|Welcome to Eurogricing ...|
Eurogricing. What's that then, I hear you ask. Well, it's all to do with being a railway enthusiast. Among enthusiasts, some people collect numbers, some enjoy restoring steam locos, others are interested in signals or wagons or timetables or railwayana or tickets or ... the list goes on and on.
Anyway I, (and a good few other people, just in case you thought you were dealing with a solitary lunatic here!) have this fascination for going everywhere the train will take me. That's called 'doing track', or 'gricing'. And of course if it's in Europe it's Eurogricing - and for me that includes the UK, whatever certain elements of the British tabloid press might choose to think.
But back to the point. If it's a line you haven't travelled on before, it's 'new track'. If it's a line without a regular passenger service, which perhaps only has one train a week or only a daily sleeper or car train, it's 'difficult track'. If it's track without a public passenger service of any sort, that can only be done by a charter train, or an engineering diversion, or with special permission on a freight train, then it's 'rare track' - and that's why my domain name is 'raretrack.com'.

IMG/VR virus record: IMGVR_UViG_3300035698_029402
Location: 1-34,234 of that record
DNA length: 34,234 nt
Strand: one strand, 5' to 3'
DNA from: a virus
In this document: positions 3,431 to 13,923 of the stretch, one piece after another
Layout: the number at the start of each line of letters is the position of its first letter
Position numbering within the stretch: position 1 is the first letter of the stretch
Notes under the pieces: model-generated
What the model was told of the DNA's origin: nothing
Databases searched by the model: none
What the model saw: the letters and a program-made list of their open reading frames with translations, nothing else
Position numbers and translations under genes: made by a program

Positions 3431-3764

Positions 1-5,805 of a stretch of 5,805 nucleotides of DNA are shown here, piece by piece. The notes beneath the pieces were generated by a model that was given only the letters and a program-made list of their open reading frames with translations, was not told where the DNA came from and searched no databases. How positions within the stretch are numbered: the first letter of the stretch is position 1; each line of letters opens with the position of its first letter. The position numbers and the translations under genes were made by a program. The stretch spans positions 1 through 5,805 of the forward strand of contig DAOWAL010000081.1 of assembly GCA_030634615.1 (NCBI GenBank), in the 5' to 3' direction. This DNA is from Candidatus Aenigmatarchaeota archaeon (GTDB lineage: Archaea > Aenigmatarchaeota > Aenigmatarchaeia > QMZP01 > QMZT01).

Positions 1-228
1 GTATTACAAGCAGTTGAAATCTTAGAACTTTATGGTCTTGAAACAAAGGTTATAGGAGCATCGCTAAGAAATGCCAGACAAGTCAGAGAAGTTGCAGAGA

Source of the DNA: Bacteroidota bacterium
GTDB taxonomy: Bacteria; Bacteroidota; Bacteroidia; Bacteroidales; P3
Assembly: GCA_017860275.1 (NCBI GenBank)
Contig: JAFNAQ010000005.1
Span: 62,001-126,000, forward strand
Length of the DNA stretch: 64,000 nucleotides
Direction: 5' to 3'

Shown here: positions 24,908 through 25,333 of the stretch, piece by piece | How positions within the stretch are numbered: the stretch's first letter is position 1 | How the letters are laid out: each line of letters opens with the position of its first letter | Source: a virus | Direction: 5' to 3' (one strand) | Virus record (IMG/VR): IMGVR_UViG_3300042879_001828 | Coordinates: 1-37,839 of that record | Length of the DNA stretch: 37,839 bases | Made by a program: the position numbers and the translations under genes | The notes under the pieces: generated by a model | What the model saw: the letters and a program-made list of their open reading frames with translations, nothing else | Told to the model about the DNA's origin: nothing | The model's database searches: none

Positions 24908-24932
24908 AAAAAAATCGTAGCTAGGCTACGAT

I started 'doing track' many years ago, when there was still a bit of main line steam around in the UK, but it was many more years before I kept any sort of diary, instead of just marked up maps.
In 2006 I took the opportunity of a respite from work to 'digitise' the notes I'd kept of my European mainland travels so far, then decided that I may as well put them them on a web page in case anybody was interested. That's how A Eurogricer's Blog came about. The Web wasn't even a dream when I started trackbashing in the 1960s, and it was in its infancy when I started on the European mainland at the beginning of the 1990s. Consequently my 'memoirs' were only written for my own amusement, but as I typed them up I found it quite entertaining to see myself change. First there was the wide eyed (and 43 year old) innocent of 1991, nose pressed to the train window in fascination at all the strange sights outside (they weren't strange at all - blame 40 years of exposure to the xenophobic British media!). Eventually there was the Internet-empowered Eurogricer of 2009, as familiar with engineering notices and obscure local ticketing arrangements in mainland Europe as his 1970s predecessor was with BR's special traffic notices and Merrymaker excursions!
If you're interested in taking any of that journey with me, just click here. Most pages are illustrated, and you can see a bigger version of each picture if you click on the thumbnail. To get back to the narrative just use your 'back' key.